In their paper Counterfactual Explanations for Land Cover Mapping in a Multi-class Setting, Cassio Dantas, Diego Marcos and Dino Ienco apply counterfactual explanations to remote sensing time series data for land-cover mapping classification. In this interview, Cassio tells us more about explainable AI and counterfactuals, the team’s research methodology, and their main findings.
Our paper falls into the growing topic of explainable artificial intelligence (XAI). Despite the performances achieved by recent deep learning approaches, they remain black-box models with limited understanding of their internal behavior. To improve general acceptability and trustworthiness of such models, there is a growing need to improve their interpretability and make their decision-making processes more transparent. More precisely, to make the black box more grey.
In this research work we explore a particular type of technique called counterfactual explanations, which aims to describe the behavior of a model by providing minimal changes to the input data that would result in realistic samples belonging to a different class.
Concerning the domain of application, we focus on remote sensing time series data in the context of a land-cover mapping classification. Of particular importance, this task provides crucial information for making informed policy, development, planning, and resource management decisions.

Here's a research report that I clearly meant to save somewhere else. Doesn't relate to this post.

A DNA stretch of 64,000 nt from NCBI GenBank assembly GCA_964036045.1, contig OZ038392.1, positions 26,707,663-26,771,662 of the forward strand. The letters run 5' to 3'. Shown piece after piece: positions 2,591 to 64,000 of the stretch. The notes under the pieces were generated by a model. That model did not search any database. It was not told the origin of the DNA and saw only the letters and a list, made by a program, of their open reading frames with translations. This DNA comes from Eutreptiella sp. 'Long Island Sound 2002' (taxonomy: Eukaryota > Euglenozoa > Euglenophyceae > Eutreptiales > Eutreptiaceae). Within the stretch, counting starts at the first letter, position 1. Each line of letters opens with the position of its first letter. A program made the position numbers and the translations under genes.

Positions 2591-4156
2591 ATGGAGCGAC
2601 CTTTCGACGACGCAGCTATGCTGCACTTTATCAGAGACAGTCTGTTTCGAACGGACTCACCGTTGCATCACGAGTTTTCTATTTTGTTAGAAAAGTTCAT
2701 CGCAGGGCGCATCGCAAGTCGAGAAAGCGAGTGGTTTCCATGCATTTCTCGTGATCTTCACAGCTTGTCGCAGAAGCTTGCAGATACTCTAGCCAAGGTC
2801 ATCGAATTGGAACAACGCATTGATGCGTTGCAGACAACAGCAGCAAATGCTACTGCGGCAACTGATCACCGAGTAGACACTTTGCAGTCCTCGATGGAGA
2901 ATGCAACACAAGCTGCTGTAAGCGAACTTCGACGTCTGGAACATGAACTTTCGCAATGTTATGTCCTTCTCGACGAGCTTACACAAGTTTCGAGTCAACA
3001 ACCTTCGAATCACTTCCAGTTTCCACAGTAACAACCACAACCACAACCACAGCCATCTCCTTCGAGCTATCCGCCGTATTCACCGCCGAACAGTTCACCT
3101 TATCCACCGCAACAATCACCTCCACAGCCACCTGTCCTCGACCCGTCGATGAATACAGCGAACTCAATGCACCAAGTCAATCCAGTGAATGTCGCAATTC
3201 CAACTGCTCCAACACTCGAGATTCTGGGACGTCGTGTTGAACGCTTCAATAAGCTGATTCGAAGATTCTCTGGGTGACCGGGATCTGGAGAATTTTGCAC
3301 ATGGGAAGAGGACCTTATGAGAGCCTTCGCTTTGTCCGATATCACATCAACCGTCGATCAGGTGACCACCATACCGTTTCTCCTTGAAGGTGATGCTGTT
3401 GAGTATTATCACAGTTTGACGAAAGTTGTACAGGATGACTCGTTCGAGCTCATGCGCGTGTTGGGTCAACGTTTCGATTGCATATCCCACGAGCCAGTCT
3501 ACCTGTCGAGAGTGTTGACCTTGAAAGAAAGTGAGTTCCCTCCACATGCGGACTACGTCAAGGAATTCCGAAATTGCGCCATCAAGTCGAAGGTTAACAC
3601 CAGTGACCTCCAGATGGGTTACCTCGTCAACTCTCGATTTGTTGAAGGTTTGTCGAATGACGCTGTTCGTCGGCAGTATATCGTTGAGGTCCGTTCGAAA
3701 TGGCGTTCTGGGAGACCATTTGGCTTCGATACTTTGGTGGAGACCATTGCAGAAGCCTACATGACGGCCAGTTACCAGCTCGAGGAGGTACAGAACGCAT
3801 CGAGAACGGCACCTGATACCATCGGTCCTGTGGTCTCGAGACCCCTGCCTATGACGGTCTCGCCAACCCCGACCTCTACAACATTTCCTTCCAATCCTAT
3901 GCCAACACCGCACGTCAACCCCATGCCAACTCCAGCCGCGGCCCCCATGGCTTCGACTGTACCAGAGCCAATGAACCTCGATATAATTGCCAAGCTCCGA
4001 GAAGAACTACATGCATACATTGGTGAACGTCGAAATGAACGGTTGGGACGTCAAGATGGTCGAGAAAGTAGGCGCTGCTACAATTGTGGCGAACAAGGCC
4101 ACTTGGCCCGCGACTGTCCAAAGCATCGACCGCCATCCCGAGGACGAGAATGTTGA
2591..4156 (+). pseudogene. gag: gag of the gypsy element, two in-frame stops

The proposed approach contributes to raising the interpretability of current deep learning techniques. This line of research becomes increasingly important as deep learning models become widespread. In the remote sensing field, for instance, such models have shown impressive results on a variety of tasks such as image super-resolution, image restoration, biophysical variable estimation and land cover classification from satellite image time series (SITS) data. For such strategic applications, it is essential that a model’s prediction comes accompanied with human-interpretable explanations that will help improve reliability on the model’s decisions as well as helping understanding its weaknesses and limitations.